When asked whether it’s time to “put up or shut up” after falling short the last few seasons, Rivers said, “Our goal is (to win a championship), with about 10 other teams in the West.”

“Our goal is the same as last year to be honest,” DeAndre Jordan said. “We know what we want to do and so we’re going to go after it.” “We’re looking to just improve this year and move forward, and be a championship basketball club.”

One thing that will help the Clippers this season is familiarity. As previously stated, last season was Rivers’ first with the Clippers, which meant training camp and the start of the season were spent learning completely new offensive and defensive systems.

“It feels different [this season]. It feels better. Obviously I know guys, and that helps,” Rivers said. “I think camp should be better than last year. We had a good camp last year, but this year we’re putting in stuff they already know as opposed to everything being new.”

“I definitely think it will be a more productive training camp in that we sort of know what to expect now,” Paul said. “We know what Doc expects from us. We understand. Even from ourselves, we expect a lot more. For us three (Paul, Griffin and Jordan), this will be our fourth year together, and we’ll just approach camp with a different mentality than last year.”

“I think it’s huge, I think it’s a huge step,” Barnes added. “Last year we had a lot of new guys, and a new staff. I think anytime you keep the core of your team together, a great coaching staff, even though we have new coaches, and we had some major, I think under-appreciated free agent acquisitions this year that are really going to help our team. So, to have your main seven or eight guys back with a few great additions, it’s going to be a huge advantage.”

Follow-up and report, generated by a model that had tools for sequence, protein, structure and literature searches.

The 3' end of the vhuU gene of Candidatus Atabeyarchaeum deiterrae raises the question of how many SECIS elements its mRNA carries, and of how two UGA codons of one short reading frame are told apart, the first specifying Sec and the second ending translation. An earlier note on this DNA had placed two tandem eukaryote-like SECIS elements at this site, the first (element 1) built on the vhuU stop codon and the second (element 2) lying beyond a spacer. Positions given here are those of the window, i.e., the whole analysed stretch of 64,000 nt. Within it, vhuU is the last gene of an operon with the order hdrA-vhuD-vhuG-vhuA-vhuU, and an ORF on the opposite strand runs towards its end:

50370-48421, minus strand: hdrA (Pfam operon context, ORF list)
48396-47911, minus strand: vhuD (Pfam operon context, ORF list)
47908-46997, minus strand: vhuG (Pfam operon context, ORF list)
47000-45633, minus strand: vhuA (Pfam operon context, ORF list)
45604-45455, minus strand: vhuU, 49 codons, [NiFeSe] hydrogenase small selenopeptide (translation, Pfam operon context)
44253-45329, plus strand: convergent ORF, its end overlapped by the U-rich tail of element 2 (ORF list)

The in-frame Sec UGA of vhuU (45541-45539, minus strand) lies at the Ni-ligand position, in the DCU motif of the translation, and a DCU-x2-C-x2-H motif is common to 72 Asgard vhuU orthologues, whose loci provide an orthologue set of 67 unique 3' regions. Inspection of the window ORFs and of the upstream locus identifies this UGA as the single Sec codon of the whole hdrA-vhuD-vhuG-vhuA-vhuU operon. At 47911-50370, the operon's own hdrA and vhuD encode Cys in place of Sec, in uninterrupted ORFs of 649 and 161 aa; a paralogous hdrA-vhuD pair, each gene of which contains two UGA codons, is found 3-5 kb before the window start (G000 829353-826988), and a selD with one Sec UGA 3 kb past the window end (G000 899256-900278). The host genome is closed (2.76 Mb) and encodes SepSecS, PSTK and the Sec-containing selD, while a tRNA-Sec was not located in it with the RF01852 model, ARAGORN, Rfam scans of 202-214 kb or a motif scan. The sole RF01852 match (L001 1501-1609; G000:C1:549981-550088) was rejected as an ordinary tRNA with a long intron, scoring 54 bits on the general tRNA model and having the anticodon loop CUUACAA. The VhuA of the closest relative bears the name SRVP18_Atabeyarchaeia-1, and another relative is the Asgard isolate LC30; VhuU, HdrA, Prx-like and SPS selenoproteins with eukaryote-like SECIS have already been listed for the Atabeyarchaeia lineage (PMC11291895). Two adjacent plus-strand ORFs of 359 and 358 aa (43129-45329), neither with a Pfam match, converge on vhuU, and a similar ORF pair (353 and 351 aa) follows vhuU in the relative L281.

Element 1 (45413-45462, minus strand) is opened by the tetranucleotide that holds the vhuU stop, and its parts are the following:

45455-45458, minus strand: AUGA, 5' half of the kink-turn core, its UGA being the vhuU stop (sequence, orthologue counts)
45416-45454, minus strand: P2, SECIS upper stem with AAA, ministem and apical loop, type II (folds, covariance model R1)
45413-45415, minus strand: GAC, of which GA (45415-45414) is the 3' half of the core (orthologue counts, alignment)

Another issue for the Clippers last year was health. Paul separated his shoulder, Barnes struggled through several injuries to begin the season, Redick missed significant time with hand, elbow, back and leg injuries, and Crawford missed time with a calf injury. However, the team is reporting that everyone is now healthy and ready to start the season.

“My focus for that first six-to-eight weeks in Austin was getting my body back in shape, and regaining strength in my leg,” Redick said. “The strength in my right leg is healed, so I feel good.”

“I lost 20 pounds this summer, started eating right, yoga, everything I could possibly do to prevent all the [injuries] that happened last year,” said Barnes. “I feel great, as fast as I’ve been, jumping, I feel good. I feel great. I’m 100 percent healthy and 100 percent ready.”

“The calf is good,” Crawford said. “Dealing with a little foot issue, but nothing serious.”

The major hurdles for this team are now gone. Everyone is healthy. The core players have played with each other for several years. They have playoff experience. The team made significant additions in adding Spencer Hawes, Jordan Farmar, Chris Douglas-Roberts and Ekpe Udoh. And, perhaps most importantly, the Sterling scandal and era is over.

When asked about how the organization now operates under Ballmer, Paul simply responded, “We play basketball.” With last season behind them and new ownership in place, Paul and the Clippers can now focus on just that— playing basketball.

Alan is an expert gambling writer who works as one of the chief editors for Basketball Insiders. He has been covering online gambling and sports betting for over 8 years, having written for the likes of Sportlens,, The Sports Daily, 90min, and His particular specialisms include US online casinos and gambling regulations, and soccer and basketball betting. Based in London, Alan holds an MA in English Literature and is a passionate supporter of Chelsea FC.